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The American Spirit Is in Danger

Americans are a strange group and hard to define. We are as varied, unique, and individualistic as snowflakes. No two are alike and we resist any effort to make us conform.

We are loud and boisterous or meek and retiring. We are creative, industrious, hard-working, hard playing, and friendly; or snobbish, boorish, and stand-offish. We come from every continent and nation in the world and worship many different gods. We attend public schools, private schools, religious schools, home schools, or charter schools. We speak many different languages other than the Standard English.

We are urban, city folks rushing in and out of our apartments, housing developments, and condos; and country folks riding the range, managing the farms, maintaining the ranches and hillside cabins.

Unless you are Native American you have no roots in American soil. All our ancestors came from somewhere else; all were immigrants at some time. We enjoy a variety of foods from Italian spaghetti and pizza to Chinese fried rice or Hungarian goulash. We are known for hot dogs, hamburgers, french fries, and pizza; but they actually originated elsewhere.

We are Democrats and Republicans. We are Protestants, Baptists, Methodists, Catholics, Jews, Muslims, Buddhists, and atheists. We are black, brown, white, red, and yellow. We are tall or short, fat or skinny. We wear long hair, short hair, or no hair.

There is no “typical” American; it is our diversity that makes us tough. When you bring such a variety of people together, it is their collective backgrounds and experiences that is our unique strength. We have learned to appreciate the differences in others. We have learned how to acknowledge our differences and meld these into a distinctive fabric that is stronger than any opponent.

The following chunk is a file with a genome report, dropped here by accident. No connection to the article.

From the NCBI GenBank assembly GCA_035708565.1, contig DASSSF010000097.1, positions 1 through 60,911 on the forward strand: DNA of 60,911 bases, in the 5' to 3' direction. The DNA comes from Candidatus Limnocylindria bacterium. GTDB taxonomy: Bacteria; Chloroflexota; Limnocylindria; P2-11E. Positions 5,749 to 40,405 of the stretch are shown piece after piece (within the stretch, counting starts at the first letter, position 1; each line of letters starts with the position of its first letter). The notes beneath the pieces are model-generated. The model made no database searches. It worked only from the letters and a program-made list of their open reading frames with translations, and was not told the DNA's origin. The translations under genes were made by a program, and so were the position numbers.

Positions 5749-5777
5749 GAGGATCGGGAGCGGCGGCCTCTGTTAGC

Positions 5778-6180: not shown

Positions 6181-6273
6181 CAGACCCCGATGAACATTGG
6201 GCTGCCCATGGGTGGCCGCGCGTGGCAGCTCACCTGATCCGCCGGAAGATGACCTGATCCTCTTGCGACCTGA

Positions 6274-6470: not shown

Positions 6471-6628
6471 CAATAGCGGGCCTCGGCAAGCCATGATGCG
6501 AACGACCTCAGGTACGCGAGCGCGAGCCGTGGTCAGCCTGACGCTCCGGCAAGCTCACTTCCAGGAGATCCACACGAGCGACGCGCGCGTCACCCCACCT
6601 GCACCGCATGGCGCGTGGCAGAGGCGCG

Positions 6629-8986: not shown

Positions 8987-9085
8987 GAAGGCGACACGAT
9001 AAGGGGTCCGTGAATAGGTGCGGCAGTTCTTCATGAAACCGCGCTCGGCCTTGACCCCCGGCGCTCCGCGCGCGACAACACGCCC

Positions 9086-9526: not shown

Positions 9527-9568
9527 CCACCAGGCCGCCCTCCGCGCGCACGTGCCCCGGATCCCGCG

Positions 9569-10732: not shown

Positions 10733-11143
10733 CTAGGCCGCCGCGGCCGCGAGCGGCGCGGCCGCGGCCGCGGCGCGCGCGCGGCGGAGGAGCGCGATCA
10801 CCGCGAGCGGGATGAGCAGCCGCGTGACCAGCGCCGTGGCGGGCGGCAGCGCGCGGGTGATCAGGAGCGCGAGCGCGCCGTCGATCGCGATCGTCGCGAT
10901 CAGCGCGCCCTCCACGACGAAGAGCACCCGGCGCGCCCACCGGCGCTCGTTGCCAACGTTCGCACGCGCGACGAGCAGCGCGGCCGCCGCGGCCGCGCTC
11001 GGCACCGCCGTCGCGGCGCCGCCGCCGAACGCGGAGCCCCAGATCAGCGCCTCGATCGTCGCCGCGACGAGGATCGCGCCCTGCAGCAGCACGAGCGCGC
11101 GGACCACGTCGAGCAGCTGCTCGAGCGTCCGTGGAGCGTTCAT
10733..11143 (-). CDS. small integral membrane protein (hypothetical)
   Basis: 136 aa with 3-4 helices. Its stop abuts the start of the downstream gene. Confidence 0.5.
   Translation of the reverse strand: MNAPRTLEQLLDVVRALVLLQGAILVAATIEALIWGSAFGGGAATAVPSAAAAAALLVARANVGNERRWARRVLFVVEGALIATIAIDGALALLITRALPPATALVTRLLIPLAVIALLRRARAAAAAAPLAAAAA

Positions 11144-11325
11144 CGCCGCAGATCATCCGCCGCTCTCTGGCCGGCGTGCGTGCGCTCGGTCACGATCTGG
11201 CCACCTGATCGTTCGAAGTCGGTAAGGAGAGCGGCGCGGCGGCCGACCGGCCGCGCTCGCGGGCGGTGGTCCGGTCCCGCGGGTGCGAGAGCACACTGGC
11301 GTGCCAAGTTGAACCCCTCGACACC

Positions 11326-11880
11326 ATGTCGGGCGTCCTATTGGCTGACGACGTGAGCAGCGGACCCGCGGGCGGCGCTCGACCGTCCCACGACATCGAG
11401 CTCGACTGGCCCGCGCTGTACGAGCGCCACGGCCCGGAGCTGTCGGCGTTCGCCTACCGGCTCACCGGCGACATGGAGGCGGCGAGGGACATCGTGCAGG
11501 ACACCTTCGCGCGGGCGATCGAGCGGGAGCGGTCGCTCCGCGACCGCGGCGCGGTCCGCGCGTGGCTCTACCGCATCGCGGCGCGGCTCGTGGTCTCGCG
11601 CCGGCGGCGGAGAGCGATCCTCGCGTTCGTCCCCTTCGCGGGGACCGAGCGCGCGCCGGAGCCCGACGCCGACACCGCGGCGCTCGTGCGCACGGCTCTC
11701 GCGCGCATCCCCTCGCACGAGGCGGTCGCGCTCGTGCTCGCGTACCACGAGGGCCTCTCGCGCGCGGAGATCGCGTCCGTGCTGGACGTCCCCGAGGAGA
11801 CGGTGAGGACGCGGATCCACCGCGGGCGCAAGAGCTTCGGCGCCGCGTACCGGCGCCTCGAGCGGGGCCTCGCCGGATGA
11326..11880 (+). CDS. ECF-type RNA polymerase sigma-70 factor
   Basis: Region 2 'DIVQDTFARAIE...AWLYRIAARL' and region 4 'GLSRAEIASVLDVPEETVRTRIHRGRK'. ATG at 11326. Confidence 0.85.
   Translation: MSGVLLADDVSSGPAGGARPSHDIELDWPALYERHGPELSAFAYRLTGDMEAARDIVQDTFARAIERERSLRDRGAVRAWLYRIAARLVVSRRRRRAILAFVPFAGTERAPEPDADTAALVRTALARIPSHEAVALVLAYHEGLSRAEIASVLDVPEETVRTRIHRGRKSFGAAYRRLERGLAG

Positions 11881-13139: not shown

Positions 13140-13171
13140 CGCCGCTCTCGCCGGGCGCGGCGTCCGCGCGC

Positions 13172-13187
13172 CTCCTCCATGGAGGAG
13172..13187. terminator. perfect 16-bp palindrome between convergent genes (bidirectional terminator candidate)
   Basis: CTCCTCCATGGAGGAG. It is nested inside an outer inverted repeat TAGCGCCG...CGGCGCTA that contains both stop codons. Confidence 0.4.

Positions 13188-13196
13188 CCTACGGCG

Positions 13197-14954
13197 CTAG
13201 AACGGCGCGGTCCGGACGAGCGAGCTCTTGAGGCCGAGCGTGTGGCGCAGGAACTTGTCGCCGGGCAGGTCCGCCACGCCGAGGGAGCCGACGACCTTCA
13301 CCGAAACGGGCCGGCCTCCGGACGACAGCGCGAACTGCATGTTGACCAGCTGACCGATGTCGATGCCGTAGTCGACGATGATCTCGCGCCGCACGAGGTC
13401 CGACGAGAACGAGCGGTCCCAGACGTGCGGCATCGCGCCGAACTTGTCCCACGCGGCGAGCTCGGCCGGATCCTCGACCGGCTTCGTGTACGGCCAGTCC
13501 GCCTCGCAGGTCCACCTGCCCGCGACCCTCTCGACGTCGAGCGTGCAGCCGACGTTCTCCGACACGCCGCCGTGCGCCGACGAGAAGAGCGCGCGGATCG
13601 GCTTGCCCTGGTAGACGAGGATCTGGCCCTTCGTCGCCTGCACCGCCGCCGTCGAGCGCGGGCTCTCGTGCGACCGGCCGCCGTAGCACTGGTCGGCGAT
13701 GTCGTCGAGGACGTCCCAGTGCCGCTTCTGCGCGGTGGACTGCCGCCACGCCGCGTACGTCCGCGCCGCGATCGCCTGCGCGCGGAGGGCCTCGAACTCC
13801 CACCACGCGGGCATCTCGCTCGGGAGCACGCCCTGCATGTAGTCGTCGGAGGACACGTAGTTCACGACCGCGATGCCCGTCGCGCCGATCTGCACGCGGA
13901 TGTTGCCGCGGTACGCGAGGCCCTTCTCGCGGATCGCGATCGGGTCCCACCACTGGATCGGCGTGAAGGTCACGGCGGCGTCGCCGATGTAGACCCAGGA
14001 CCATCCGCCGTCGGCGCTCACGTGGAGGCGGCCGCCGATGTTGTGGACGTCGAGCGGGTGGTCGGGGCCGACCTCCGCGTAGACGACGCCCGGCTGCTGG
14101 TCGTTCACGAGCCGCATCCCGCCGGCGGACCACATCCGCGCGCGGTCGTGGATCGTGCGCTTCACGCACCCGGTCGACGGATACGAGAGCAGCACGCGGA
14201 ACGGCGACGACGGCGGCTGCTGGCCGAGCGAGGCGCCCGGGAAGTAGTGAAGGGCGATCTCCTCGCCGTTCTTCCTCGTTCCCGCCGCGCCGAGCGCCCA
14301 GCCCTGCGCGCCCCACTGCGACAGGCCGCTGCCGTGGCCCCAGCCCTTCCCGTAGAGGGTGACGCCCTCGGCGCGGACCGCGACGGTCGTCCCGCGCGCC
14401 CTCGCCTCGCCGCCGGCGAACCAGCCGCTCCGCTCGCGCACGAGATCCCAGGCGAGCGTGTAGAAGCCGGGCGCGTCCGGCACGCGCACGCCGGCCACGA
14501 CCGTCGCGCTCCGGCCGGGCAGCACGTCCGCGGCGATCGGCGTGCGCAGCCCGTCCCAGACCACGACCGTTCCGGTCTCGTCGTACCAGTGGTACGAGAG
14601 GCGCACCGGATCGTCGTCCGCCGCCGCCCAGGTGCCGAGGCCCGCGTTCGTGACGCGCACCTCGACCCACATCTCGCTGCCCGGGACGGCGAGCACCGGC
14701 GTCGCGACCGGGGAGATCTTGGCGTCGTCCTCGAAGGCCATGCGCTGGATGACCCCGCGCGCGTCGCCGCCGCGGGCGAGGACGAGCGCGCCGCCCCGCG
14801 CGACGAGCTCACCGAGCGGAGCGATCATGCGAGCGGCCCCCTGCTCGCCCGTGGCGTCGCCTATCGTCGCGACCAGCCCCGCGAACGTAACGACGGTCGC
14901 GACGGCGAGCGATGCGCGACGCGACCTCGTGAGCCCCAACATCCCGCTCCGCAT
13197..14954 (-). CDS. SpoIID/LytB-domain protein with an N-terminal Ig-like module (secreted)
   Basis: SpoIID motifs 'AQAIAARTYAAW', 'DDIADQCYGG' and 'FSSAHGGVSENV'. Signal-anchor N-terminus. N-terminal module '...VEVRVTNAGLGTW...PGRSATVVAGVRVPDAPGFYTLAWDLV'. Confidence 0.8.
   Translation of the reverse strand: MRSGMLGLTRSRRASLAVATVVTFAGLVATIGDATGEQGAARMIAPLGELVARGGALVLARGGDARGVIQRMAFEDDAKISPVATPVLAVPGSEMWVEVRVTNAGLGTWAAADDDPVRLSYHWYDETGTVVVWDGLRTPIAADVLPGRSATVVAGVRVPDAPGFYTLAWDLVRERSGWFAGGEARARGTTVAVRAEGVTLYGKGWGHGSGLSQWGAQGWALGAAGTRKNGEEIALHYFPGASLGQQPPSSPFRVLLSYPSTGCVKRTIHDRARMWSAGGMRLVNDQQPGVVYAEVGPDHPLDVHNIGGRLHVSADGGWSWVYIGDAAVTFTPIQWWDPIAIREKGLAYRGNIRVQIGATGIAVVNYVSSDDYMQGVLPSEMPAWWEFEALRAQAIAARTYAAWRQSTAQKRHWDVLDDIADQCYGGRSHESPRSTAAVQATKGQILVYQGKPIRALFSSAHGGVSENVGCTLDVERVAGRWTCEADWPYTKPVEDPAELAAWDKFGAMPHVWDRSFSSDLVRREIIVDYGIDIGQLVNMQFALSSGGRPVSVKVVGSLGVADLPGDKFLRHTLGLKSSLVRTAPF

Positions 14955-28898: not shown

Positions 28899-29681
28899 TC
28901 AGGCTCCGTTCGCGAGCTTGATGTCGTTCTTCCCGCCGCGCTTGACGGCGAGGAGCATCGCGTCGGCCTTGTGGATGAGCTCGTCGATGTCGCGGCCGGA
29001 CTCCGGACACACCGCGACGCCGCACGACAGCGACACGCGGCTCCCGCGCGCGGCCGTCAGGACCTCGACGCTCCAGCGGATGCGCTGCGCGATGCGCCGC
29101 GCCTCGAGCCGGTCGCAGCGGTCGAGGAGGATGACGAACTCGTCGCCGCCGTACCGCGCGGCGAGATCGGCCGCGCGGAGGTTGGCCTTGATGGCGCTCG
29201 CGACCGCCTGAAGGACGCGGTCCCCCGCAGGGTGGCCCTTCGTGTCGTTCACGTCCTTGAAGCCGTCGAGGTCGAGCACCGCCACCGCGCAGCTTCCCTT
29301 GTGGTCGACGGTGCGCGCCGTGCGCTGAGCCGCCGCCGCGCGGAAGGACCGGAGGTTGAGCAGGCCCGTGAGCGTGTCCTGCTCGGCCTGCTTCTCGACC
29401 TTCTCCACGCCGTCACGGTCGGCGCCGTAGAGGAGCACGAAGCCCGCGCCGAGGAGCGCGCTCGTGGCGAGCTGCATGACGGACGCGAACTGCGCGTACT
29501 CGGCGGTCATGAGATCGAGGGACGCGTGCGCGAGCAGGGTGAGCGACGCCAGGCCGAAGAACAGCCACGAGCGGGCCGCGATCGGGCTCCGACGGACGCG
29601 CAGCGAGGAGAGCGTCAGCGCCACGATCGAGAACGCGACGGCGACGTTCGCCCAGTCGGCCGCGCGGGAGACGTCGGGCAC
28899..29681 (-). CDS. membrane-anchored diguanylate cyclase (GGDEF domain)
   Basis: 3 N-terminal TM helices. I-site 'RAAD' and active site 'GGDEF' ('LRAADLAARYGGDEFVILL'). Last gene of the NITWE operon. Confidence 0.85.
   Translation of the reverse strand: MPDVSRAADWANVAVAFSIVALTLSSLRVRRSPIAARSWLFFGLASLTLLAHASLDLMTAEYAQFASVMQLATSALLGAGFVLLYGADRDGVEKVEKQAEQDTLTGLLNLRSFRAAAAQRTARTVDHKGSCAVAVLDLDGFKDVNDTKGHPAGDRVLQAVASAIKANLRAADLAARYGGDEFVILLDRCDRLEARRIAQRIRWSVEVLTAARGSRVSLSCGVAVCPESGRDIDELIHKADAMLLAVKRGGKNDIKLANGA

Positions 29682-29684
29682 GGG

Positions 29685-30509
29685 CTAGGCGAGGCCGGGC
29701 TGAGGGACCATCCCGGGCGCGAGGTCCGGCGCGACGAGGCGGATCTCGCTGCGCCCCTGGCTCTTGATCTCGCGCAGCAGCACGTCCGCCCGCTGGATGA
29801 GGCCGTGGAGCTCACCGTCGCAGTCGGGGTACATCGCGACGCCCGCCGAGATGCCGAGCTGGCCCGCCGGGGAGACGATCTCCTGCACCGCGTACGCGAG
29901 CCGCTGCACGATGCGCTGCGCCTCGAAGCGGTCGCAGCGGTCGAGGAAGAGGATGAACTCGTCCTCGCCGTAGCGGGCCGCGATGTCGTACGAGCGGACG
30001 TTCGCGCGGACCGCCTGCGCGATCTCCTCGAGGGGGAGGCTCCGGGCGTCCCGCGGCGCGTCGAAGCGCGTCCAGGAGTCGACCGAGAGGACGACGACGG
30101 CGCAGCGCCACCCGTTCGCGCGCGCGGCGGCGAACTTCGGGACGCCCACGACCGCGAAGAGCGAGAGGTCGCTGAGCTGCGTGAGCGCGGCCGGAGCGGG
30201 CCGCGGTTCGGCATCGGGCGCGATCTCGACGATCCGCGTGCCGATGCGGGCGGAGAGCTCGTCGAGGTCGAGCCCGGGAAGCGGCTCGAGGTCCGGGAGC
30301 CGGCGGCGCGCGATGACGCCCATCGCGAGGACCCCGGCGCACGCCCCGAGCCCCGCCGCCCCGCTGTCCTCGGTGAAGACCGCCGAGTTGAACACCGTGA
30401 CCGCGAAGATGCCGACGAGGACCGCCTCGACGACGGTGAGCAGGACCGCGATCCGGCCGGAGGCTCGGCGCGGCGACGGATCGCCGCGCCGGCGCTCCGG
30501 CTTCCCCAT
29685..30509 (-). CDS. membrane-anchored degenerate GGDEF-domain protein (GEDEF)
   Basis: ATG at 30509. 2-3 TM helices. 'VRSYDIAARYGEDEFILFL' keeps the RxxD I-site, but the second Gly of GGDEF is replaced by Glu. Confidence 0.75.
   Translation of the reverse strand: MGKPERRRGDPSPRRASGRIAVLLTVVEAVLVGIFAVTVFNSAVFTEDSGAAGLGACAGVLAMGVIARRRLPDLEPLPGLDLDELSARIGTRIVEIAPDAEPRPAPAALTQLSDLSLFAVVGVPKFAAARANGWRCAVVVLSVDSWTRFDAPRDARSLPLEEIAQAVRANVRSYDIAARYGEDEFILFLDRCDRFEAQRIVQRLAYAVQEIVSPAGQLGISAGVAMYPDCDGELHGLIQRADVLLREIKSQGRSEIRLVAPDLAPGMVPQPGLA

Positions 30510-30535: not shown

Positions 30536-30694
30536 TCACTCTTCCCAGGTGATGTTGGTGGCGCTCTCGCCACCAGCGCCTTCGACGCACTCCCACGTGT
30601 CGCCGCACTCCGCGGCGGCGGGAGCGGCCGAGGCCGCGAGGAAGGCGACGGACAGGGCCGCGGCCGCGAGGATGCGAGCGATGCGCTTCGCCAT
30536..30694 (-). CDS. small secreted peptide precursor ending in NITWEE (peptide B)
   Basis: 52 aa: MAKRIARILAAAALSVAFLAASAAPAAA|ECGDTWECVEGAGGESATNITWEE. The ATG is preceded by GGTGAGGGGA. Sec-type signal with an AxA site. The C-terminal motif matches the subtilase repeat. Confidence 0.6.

When we were attacked at Pearl Harbor and on 9/11 we immediately put aside our differences to create a united front. I vividly recall Congress gathering on the steps of the Capitol Building to sing God Bless America the evening of 9/11. They agreed to disagree and then came together to show the world that we can unite when it comes to confronting outside forces. I am happy to see that they recreated the scene on the ten year anniversary of 9/11. They once again gathered on the Capitol steps and sang the Star-Spangled Banner accompanied by the Marine Band.

During this time of acrimony I plead with Congress to recognize and honor our differences but vow to come together for the good of our country. Put politics and self-interests aside and join in healthy and respectful debate to find answers to our many pressing problems. We, the American people, are begging our leaders—all leaders—to work toward the common good. Without cooperation and open minds we will do to ourselves what no foreign body has done to us in over 200 years—defeat the American spirit.

 

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